Agriculture
Fast-flying fungal spores
Getting the dirt on carbon
New Gene Fights Potato Blight
Amphibians
Newts
Salamanders
Poison Dart Frogs
Animals
Thieves of a Feather
Red Apes in Danger
Spotting the World's Leggiest Animal
Behavior
Newly named fish crawls and hops
Homework blues
Swine flu goes global
Birds
Eagles
Storks
Emus
Chemistry and Materials
A Light Delay
Cooking Up Superhard Diamonds
Graphene's superstrength
Computers
Batteries built by Viruses
Earth from the inside out
New eyes to scan the skies
Dinosaurs and Fossils
A Big, Weird Dino
Dino Takeout for Mammals
Digging Dinos
E Learning Jamaica
Results of GSAT are in schools this week
E Learning in Jamaica WIN PRIZES and try our Fun Animated Games
2014 GSAT Results for Jamaican Kids
Earth
Detecting an Eerie Sea Glow
A Grim Future for Some Killer Whales
Giving Sharks Safe Homes
Environment
Island Extinctions
To Catch a Dragonfly
Shrinking Fish
Finding the Past
Childhood's Long History
Stone Age Sole Survivors
Oldest Writing in the New World
Fish
Skates and Rays
Tilapia
A Jellyfish's Blurry View
Food and Nutrition
Yummy bugs
In Search of the Perfect French Fry
Chocolate Rules
GSAT English Rules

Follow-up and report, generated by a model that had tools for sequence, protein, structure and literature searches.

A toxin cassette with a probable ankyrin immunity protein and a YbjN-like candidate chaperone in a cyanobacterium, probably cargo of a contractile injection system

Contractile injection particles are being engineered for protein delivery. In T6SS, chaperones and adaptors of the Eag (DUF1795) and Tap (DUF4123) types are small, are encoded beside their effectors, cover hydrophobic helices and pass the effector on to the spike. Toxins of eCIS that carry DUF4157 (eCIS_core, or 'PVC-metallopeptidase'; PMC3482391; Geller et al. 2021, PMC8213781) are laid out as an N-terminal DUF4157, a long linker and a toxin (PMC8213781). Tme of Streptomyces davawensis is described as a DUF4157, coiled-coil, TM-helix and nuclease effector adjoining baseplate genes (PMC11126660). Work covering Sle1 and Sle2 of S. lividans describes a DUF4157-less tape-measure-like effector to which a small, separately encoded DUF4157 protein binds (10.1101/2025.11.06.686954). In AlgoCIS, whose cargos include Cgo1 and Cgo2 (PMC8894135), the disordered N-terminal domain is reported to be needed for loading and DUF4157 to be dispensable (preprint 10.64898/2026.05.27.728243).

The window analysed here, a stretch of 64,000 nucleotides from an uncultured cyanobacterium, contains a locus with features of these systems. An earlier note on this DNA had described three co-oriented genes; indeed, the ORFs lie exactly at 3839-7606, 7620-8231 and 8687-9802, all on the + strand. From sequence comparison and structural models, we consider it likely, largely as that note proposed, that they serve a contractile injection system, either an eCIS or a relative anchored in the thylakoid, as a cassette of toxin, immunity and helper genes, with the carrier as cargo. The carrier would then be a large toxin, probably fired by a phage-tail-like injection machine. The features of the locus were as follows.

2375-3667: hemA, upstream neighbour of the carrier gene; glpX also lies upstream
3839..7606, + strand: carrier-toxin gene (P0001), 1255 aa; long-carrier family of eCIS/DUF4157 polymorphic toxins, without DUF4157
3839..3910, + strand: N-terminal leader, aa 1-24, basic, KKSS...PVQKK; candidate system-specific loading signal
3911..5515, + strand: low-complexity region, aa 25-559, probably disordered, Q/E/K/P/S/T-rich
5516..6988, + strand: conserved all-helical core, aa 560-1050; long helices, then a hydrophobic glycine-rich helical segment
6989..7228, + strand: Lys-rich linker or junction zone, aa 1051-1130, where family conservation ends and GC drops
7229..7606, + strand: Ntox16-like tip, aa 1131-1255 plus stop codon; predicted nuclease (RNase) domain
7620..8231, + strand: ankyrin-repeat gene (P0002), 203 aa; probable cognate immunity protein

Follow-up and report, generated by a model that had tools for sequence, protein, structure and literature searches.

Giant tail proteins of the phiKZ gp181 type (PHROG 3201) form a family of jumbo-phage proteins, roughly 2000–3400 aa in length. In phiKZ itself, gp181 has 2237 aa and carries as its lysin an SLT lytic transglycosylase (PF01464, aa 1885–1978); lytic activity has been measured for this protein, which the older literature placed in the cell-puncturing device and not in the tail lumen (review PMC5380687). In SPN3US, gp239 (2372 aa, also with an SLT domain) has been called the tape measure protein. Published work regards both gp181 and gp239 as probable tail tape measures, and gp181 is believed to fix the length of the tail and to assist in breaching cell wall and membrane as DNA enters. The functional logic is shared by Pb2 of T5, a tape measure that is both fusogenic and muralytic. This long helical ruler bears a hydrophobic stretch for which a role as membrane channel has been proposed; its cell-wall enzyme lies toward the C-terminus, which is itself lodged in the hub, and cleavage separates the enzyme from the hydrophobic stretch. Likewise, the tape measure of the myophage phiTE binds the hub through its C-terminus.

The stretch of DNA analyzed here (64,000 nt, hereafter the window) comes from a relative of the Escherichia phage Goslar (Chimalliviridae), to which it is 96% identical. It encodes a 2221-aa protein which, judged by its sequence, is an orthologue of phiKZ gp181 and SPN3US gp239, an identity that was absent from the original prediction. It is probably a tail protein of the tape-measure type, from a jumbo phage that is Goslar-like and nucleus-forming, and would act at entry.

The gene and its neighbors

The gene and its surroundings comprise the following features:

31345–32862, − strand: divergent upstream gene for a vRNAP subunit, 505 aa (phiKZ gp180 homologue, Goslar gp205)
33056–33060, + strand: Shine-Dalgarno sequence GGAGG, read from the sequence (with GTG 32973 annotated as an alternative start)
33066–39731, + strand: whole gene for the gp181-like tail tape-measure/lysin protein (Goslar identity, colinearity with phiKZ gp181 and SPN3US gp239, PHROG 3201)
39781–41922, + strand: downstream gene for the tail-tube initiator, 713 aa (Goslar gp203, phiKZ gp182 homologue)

Capitalization Rules
Problems with Prepositions
Who vs. That vs. Which
GSAT Exam Preparation Jamaica
E Learning in Jamaica WIN PRIZES and try our Fun Animated Games
42,000 students will sit for the GSAT Exam in two weeks
Ministry of Education Announces 82 GSAT Scholarships for 2010
GSAT Exams Jamaica Scholarships
GSAT stars reap scholarship glory
GSAT Scholarship
GSAT Practice Papers | GSAT Mathematics | Maths
GSAT Mathematics
Losing with Heads or Tails
How to Slice a Cake Fairly
Detecting True Art
Human Body
Heart Revival
Workouts: Does Stretching Help?
Dreaming makes perfect
Invertebrates
Mussels
Mosquitos
Hermit Crabs
Mammals
Killer Whales
Sperm Whale
Chihuahuas
Parents
Expert report highlights the importance to parents of reading to children!
What Not to Say to Emerging Readers
Children and Media
Physics
Hold on to your stars, ladies and gentlemen
Einstein's Skateboard
The Mirror Universe of Antimatter
Plants
Plants Travel Wind Highways
Making the most of a meal
Stalking Plants by Scent
Reptiles
Iguanas
Pythons
Rattlesnakes
Space and Astronomy
No Fat Stars
Wrong-way planets do gymnastics
Rover Makes Splash on Mars
Technology and Engineering
Supersuits for Superheroes
Roll-Up Computer Monitors to Go
Slip Sliming Away
The Parts of Speech
Pronouns
Countable and Uncountable Nouns
What is a Verb?
Transportation
Revving Up Green Machines
Morphing a Wing to Save Fuel
Flying the Hyper Skies
Weather
Arctic Melt
Warmest Year on Record
In Antarctica watch the heat (and your step)